Terrariums, Vivariums, Paludariums, Insectariums – We’ve explained them all

Last Updated on April 25, 2021 by cmoarz

Vivarium comes from Latin root words that mean “Place of life”. Vivariums generally come in 2 categories;


Closed-vivariums are small, self-contained environments that have been sealed off from the outside world. They come in many different shapes and sizes, but they all have one thing in common: a closed ecosystem. This means that there is no air exchange with the external environment. In this blog post, you will learn everything you need to know about terrariums! Keep in mind not all closed terrariums are capable of a self-sustaining environment.


Open-vivariums are the opposite of closed terrariums. They usually have plants and animals that thrive in an external environment with many different types of habitats, such as forests, jungles, deserts, etc. Open terrariums can have covered but are still open to the outside atmosphere. They might also be completely wide open to the outside world.

Both types of vivariums have their own purposes. Both can contain life or just plants, both can be aquatic, both can be self-sustaining.

The most common materials that make up both open and closer terrariums are glass and plastic. Often you will find people messing about with old glass bottles and jars. These can be very fun. You can also buy various (none aquatic or aquatic) terrariums in places like Amazon or Walmart.

Depending on the type of vivarium, they can be aqua-based, or they can be terrestrial. Aquatic terrariums require more specialized setups and plants because they need to keep water inside of the container. Terrestrial terrariums cannot hold large amounts of standing water, so you will find mosses, lichens, ferns or other types of plants in these types of installations.

Here is a list of the various types of vivariums

Aqua terrariums: generally these types of installations will have a watertight container, and plants that require or prefer wet soil as well as aquatic animals like frogs and fish. They can be either closed or open.

Terrestrial Terrariums: some people use this type to show off various habitats, creatures, or plants. They’re often more decorative than other -airums, because you have more control over what goes in them. They can be either closed or open. Usually, they contain no water – but theirs always someone 🙂

These also come with many different styles; from being very open on one side to completely closed off most everywhere else, such as having glass around three sides while leaving only one wide-open! Generally, these open styles don’t have living creatures in them, Only plants. But there are always exceptions!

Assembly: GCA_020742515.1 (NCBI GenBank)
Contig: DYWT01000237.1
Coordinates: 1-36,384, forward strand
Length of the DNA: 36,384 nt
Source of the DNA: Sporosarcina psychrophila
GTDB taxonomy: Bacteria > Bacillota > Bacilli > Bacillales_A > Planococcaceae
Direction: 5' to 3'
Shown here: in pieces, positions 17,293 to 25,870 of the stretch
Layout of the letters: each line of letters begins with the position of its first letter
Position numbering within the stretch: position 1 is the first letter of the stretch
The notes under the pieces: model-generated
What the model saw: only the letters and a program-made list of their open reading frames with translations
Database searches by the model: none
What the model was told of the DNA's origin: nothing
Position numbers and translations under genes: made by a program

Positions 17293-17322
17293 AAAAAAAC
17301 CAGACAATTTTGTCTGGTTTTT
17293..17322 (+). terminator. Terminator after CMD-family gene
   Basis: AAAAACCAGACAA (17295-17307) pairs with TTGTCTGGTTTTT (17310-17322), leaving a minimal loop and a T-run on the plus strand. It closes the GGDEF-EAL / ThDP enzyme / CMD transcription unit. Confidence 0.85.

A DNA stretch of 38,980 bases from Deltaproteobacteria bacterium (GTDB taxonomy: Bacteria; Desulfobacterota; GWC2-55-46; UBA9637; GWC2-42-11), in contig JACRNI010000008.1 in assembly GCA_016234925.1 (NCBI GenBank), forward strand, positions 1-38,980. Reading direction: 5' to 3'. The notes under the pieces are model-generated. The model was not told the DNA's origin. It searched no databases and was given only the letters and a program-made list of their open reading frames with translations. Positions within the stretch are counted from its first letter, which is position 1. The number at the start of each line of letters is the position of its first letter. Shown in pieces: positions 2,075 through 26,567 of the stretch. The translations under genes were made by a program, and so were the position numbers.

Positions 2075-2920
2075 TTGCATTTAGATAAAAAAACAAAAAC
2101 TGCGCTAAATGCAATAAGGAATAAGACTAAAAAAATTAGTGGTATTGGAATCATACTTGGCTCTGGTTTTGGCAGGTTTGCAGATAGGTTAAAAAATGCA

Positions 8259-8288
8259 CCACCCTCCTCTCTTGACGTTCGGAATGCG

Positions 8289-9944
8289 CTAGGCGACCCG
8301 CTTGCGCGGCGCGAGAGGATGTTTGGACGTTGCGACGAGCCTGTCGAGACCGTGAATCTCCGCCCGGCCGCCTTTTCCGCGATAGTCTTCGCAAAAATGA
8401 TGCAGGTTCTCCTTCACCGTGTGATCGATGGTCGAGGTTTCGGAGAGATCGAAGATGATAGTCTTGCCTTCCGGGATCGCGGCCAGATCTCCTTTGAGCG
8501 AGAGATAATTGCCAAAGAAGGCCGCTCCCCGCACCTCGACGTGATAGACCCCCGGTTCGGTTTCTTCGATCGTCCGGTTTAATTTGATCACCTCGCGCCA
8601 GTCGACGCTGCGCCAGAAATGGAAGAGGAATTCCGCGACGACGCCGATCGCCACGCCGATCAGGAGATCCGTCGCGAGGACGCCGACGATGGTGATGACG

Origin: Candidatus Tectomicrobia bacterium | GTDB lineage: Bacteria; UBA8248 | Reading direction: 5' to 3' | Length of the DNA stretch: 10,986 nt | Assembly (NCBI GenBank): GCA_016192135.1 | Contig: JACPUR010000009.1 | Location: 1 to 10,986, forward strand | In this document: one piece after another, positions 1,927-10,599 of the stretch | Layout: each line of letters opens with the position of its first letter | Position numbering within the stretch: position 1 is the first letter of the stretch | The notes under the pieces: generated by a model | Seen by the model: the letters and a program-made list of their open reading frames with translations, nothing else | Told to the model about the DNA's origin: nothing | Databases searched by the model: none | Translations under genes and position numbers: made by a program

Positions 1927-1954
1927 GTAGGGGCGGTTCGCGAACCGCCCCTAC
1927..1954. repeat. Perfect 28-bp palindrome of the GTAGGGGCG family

A paludarium: is a semi-aquatic terrarium that is usually more of an open style than closed, with water added and aquatic plants.

This type generally consists of two tanks: one for the land or ground area, and another for the water part. This allows you to show off many different habitats at once (such as having various types of -airums inside), without needing a whole bunch of separate containers!

However, it can be difficult when caring for these kind’s because they need to have both wet and dry areas in order to stay healthy; this means adding soil to up outcroppings so some parts are kept moist but other parts aren’t too damp or soggy. Typically these are also known as swamp vivarium/terrariums. (There are so many -ariums, hopefully, I got that right!)

An aquarium: We all know what this one is, Most aquariums have very little in the way of real plants or land. Often filled with gravel and plastic plants instead. These are definitely meant more as a showpiece for your fish than a closed or open ecosystem. That’s not to say aquariums can’t become very complex in nature. There’s a bit of an argument about aquarium classifications vs aqua terrarium. While similar, I’m on the side that says they’re different enough to need separated classifications.

A insectarium: As the name implies, These are for the little guys. A place to show off your insects in all their glory. Biome doesn’t matter and usually just mimics whatever the insect inhabitances natural environment is.

A formicarium: Also known commonly as the Ant-farm, Not to be confused with an insectarium. This is a closed ecosystem. The ants are given all the space they need to live, and food in order to survive. If you’ve ever watched AntsCanada on youtube, this is what he would be using.

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